That is a great website to figure anything out about Orchids.

The top picture was shot using the 105mm VR Nikkor lens. The bottom picture used the 60mm Micro-nikkor.


I am still cautiously optimistic about this season as I have 3 appointments on Saturday. I came across this quote from Bo Bennett:

As sure as the spring will follow the winter, prosperity and economic growth will follow recession.

Yesterday we pruned a 125-foot long Privet hedge in White Plains. It had to come down 2-3 feet so we were cutting into some fairly big branches. The garden is mostly all perennials and it really looked bleak. I couldn’t resist poking into the soil to see if the perennials were coming up.

Thursday, March 26, 2009

Pale Crocus and Andromeda

Pale Crocus and Andromeda

To contrast to the Purple Crocuses that were posted the other day these pale beauties are here today. It finally warmed up enough (not very warm, mind you) that the Crocus opened up. These were growing in a very off area of the garden and must have seeded. However they got there it was quite a treat to see them. There isn’t much blooming but at this garden they did have some Andromeda (Pieris) just starting to bloom. I helped myself to the fragrance, which is quite beautiful.


There was also a Jelena Witch Hazel blooming and those shots didn’t really come out as well as they could have so I am going to tackle that again on Friday. Witch Hazel flowers are quite alluring to look at but difficult to photograph. The Witch Hazels are actually finishing blooming now. They start flowering in February.

The Helleborus were starting to bloom a bit. I am probably the only gardener in the world that isn’t crazy about them. They are nice to have in the garden, especially the darker strains, but really only work for me in mass plantings. They are brave to get up and bloom this time of year. It was a little warmer today but still not really like spring. We really need some rain and some warm temperatures to get things rolling.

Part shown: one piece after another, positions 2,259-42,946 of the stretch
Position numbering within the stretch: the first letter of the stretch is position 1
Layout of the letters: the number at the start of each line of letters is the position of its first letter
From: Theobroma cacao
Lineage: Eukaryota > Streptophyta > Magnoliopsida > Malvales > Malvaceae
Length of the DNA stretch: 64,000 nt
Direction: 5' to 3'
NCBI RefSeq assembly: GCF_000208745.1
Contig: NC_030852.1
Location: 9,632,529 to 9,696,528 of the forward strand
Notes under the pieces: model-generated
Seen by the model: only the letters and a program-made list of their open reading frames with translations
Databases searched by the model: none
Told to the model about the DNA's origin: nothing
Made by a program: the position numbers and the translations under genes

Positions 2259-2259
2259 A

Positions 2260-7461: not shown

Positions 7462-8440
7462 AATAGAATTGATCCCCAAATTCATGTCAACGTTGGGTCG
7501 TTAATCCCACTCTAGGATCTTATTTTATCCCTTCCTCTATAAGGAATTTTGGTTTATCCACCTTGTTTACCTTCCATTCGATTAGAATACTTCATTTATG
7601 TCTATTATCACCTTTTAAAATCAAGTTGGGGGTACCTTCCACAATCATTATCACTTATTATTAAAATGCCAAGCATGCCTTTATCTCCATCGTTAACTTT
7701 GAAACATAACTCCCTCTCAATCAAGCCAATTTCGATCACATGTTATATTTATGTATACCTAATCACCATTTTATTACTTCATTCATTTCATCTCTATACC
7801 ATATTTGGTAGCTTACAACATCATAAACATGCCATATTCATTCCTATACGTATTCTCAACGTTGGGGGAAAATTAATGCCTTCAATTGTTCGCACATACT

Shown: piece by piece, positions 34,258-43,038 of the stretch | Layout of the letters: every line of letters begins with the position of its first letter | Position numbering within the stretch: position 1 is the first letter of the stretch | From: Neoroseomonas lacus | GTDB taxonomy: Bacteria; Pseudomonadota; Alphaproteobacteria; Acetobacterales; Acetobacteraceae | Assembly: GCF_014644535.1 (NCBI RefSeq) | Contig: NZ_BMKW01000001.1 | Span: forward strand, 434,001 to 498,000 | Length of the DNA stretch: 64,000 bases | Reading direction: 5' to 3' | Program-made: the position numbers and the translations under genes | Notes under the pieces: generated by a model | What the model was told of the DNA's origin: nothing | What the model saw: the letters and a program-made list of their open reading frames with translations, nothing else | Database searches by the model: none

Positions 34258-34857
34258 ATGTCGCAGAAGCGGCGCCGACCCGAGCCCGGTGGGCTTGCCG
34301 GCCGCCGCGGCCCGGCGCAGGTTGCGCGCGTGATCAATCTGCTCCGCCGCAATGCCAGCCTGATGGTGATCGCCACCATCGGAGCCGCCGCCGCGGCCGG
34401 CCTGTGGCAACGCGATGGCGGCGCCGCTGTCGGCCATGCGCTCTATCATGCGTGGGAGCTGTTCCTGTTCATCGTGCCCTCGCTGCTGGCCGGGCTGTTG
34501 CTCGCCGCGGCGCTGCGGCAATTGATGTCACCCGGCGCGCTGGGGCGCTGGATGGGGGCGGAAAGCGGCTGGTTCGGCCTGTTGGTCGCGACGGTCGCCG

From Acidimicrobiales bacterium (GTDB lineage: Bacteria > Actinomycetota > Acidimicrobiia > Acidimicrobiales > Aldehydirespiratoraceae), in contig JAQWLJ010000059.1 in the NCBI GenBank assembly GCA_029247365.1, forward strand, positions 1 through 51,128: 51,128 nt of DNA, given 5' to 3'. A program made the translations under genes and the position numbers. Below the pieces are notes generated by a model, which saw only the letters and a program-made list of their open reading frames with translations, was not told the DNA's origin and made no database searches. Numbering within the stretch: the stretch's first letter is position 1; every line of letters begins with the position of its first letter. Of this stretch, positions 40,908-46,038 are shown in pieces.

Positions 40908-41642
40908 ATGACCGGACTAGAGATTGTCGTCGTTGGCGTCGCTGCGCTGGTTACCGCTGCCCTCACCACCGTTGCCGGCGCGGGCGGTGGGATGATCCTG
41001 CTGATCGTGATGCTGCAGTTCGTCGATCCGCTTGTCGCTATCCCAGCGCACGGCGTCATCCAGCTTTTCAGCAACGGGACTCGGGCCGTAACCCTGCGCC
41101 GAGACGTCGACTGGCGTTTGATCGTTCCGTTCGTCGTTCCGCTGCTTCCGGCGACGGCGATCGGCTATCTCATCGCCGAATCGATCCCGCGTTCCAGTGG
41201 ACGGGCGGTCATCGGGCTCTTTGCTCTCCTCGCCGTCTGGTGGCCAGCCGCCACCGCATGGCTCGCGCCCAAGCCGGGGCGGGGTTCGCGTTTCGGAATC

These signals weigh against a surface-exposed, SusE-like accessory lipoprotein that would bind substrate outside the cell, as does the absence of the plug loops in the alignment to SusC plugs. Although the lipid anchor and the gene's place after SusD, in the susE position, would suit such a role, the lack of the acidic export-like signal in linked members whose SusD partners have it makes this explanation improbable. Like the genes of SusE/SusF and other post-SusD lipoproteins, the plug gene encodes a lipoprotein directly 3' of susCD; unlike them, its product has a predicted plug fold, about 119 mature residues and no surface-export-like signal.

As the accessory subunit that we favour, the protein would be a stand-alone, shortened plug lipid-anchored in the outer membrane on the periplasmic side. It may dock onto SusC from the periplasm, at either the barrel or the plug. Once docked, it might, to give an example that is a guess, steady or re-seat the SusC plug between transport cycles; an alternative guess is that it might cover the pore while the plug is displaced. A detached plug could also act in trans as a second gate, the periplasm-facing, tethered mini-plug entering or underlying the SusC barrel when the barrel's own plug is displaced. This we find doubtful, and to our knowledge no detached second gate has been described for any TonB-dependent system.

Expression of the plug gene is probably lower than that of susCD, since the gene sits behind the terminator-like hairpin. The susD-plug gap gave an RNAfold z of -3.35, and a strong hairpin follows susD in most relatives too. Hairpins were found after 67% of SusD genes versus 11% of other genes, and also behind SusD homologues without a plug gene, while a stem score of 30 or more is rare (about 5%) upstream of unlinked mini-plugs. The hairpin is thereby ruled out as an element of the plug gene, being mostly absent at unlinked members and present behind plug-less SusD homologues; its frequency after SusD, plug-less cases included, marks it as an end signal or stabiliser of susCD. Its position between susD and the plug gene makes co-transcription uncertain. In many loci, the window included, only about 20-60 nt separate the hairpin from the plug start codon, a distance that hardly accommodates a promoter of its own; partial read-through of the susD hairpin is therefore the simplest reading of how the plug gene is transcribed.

In the spring, at the end of the day, you should smell like dirt.

Margaret Atwood
Canadian, b.1939

Wednesday, March 25, 2009

Colorful Tropical


Colorful Tropical

The first day of spring is one thing, and the first spring day is another. The difference between them is sometimes as great as a month.

Henry Van Dyke, 1852-1933

Tuesday, March 24, 2009

Monday, March 23, 2009

Purple Crocuses


Purple Crocuses
(KROH-kus)

These flowers were blooming in the Bronx yesterday. Bet they are closed up with the cold temperatures we are having this morning. These were a very nice purple and had a large flower.


There are about 25 to 30 of Crocus that are cultivated although the Spring Crocus (Crocus vernus) and the Dutch Crocus (Crocus flavus) are the ones you see the most. They are many cultivars and hybrids. Crocus are members of the Iris family, Iridaceae.

Sunday, March 22, 2009

Today's Flowers


Garden Mum
Chrysanthemum 'Mammoth Twilight Pink'
Chrysanthemum hybridaMN98-E90-15
(kris-AN-the-mum)

Is it too early to start thinking about the fall garden? These mums are actually recommended for spring planting so they have time to establish themselves. Truly a perennial and hardy down to minus 30 degrees F, they are a bit revolutionary. They can be grown as a single plant or in large fall blooming hedges.

Developed at the University of Minnesota (so you know it is going to hardy just about everywhere :lol: ) Mammoth Mums don’t require any special care. They can grow up to 3 feet wide and 6 feet tall with each plant being capable of producing up to 5,000 flowers!

Since it is Today’s Flowers day here is a bonus flower.


Autumn Catchfly
Silene schafta 'Persian Carpet'
(sy-LEE-nee) (SHAF-tuh)
Synonyms: Moss Campion

Here is another fall blooming plant (you can see where I am in archiving). This little flower puts on a show long after most Alpine plants have finished blooming. ‘Persian Carpet’ is a little more compact growing (6 inches tall) and has a brighter color than the species. It needs very well drained sandy soil and is hardy to Zone 3.

For more flower pictures from around the world check out:
Today’s Flowers . It starts at 18:00 GMT on Sunday.

I am excited to be going out to find something blooming today. I will have to head south to find something to photograph.

Saturday, March 21, 2009

Super Purple and Bold Tiger Daylilies



Two Daylilies
HemerocallisBold Tiger
Hemerocallis 'Super Purple'
(hem-er-oh-KAL-iss)

These pictures are from last year. From looking at pictures of these Daylilies there seems to be some variation to the color of the flowers. ‘Bold Tiger’ grows to 2.5 to 3 feet and is hardy to USDA Zone 3. It was introduced in 1990. The large fragrant flowers are borne on sturdy trusses and have an extended bloom time. It is a tetraploid type, which means they have twice as many chromosomes as regular Daylilies. Tetraploids also tend to have bigger, more intensely colored flowers.

‘Super Purple’ actually looked maroonish to me. It was introduced in 1979 and won the 1986 James E. Marsh Award, which was given to the most outstanding lavender or purple daylily flower for a ten year period from 1981 to 1990.